Board director Mike Scholz suggested that the class and information be made available online for out-of-town homeowners. Strauss said the technology is in place to make that possible.

Laura Seyfang, director of Big Sky Community Housing Trust, mentioned that the housing trust is reaching out to about 10 other mountain communities to see how they are handling the short-term rental trend and resulting long-term housing crisis. 

Big Sky Community Organization Executive Director Ciara Wolfe discussed the legal burden of HOAs which instills fear in most with regard to making changes to covenants. Many do not have the coffers to handle legal difficulties. “It needs to come from a coordinated effort because a lot of it comes from fear, not necessarily the desire to do the best thing,” she said. 

Johnson said the housing group discussed providing legal support to HOAs that want to modify covenants to deal with the issue. Individual HOAs probably can’t afford to do it, but if they can get a template for how HOAs can modify, that might help.

Davis agreed that’s a great idea and asked about insuring short-term rentals to which Seyfang affirmed that per her conversations with insurance agents, most homeowners are wrongly or underinsured for short-term rentals.

Wolfe said many also do not have a license that is also required through the State of Montana. “Not just the inspection for the bed tax, but a license,” she clarified. “There’s a bunch of stuff and probably 80 percent of [homeowners] aren’t doing it.” 

The bed tax law has language requiring registration, Johnson said. 

Seyfang, prompted from questioning by Davis, said that the information her organization is attempting to get out would specify all the requirements for short-term rentals, “and if you don’t want to do that, here’s an alternative – rent local.” 

She requested the opportunity for Big Sky Community Housing Trust to attach literature explaining the desire to provide homeowners with options and things to consider as well as to ask if they would consider not renting short-term and instead rent to locals.

The request was “respectfully declined” with Germain saying a move like that would be a “slippery slope.”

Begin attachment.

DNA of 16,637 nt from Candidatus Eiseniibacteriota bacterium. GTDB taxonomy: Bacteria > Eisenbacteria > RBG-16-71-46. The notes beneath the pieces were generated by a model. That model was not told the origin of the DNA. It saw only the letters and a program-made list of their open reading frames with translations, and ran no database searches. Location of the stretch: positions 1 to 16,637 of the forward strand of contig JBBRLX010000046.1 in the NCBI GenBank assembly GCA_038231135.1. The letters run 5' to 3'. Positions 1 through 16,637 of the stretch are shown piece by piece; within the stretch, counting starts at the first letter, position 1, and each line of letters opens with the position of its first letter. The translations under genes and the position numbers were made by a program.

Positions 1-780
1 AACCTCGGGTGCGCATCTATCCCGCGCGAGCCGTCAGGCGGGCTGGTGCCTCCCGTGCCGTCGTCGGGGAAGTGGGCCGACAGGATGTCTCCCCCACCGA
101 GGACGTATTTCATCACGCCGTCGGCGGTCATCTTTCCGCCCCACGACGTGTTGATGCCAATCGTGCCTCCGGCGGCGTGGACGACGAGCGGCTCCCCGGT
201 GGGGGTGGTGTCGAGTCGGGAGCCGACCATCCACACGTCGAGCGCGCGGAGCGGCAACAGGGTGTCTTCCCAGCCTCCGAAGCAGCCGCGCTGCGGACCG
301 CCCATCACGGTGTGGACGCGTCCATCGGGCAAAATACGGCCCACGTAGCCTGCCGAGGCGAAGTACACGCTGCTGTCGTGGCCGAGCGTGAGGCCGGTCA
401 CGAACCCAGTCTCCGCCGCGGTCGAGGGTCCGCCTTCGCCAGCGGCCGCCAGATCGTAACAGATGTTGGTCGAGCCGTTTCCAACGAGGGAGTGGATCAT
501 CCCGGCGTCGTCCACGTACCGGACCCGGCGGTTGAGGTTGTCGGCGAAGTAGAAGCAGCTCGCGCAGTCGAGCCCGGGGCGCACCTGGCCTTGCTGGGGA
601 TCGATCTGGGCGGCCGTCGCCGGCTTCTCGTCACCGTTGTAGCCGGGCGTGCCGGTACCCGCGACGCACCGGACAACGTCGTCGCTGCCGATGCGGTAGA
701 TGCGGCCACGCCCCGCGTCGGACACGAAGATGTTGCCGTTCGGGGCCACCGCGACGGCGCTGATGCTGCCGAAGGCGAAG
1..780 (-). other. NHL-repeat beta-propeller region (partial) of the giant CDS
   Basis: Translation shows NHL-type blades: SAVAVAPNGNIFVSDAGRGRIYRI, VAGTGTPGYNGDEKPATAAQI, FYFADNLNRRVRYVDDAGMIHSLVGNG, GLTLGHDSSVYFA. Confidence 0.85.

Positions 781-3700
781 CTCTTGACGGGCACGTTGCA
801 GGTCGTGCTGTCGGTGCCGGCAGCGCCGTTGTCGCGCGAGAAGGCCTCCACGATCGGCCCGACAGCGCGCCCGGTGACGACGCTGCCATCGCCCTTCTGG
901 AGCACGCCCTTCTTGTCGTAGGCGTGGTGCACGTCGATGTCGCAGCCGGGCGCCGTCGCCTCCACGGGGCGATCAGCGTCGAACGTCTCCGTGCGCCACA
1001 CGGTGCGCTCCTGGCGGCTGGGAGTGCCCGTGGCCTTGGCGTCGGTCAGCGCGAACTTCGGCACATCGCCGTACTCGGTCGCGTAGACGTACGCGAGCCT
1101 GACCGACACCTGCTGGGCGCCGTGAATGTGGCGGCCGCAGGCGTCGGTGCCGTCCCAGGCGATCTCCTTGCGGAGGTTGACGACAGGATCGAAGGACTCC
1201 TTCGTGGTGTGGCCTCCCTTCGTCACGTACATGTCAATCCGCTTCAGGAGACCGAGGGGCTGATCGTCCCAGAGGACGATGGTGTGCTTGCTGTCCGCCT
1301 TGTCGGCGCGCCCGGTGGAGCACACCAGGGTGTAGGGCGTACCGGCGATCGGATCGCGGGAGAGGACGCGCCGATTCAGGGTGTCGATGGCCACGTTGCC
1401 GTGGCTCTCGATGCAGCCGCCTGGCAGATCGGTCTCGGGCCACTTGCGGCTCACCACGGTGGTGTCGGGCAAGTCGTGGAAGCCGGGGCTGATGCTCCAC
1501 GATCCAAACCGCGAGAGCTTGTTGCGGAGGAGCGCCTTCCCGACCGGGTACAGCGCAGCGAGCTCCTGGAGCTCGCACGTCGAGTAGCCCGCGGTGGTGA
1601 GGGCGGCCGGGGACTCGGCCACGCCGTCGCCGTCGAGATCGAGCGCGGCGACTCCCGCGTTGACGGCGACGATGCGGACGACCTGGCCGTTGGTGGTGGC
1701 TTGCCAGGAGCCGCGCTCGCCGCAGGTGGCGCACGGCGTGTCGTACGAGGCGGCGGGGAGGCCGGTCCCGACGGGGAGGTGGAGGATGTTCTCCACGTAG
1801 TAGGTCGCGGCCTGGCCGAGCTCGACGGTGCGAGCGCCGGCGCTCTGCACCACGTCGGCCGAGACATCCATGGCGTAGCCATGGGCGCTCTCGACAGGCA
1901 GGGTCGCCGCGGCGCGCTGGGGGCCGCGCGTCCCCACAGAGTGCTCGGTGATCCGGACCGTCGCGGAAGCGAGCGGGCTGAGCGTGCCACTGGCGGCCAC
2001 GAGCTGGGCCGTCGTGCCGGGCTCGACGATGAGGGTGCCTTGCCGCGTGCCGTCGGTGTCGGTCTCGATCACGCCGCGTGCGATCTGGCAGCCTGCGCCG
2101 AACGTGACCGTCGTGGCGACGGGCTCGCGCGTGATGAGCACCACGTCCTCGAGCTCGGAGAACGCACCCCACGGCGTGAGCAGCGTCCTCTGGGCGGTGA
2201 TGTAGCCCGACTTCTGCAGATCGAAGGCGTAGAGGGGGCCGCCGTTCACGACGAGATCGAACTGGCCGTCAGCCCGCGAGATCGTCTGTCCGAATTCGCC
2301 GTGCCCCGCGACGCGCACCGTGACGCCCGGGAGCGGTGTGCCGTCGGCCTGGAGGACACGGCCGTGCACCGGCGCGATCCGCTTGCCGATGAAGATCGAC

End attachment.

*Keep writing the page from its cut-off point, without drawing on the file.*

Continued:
Seyfang also requested that addresses of short-term rental homeowners be shared with her organization, but Scholz iterated that the concept of sharing that kind of information is further muddied by the level of privacy enforced from the top; that the board cannot get necessary information from the State of Montana on the subject and they would be remiss to break from that standard. 

Additional board business 

In other board news, Germain provided a general update on staffing structure saying that the board had an amazing group of applicants and are now engaged in negotiations. He reserved details for the closed session. Although, he did later specify that Holmes & Turner out of Bozeman will be taking over bookkeeping for the board. 

The Board made a decision regarding the Attorney Request for Proposal (RFP) by settling via unanimous vote on BKDH. This decision came after they invited proposals from five different firms, but only two responded. “We have a proposal from BKDH. We are very pleased with this. It is a very thorough response,” Johnson said. “It’s a top-notch firm. There are a lot of people who have experiences with them here.” The firm offered their services at a “somewhat discounted rate.” 

The meeting also involved an update on the Big Sky Community Strategic Plan. A prevalent theme with discussion of the strategic plan was to engage more of the younger demographic as well as underrepresented groups. One idea was to attempt to engage the young professional’s organization in Big Sky.

Tune in next week – developments with the legislative effort for the Resort Tax Bill will be discussed in the next issue of the Lookout.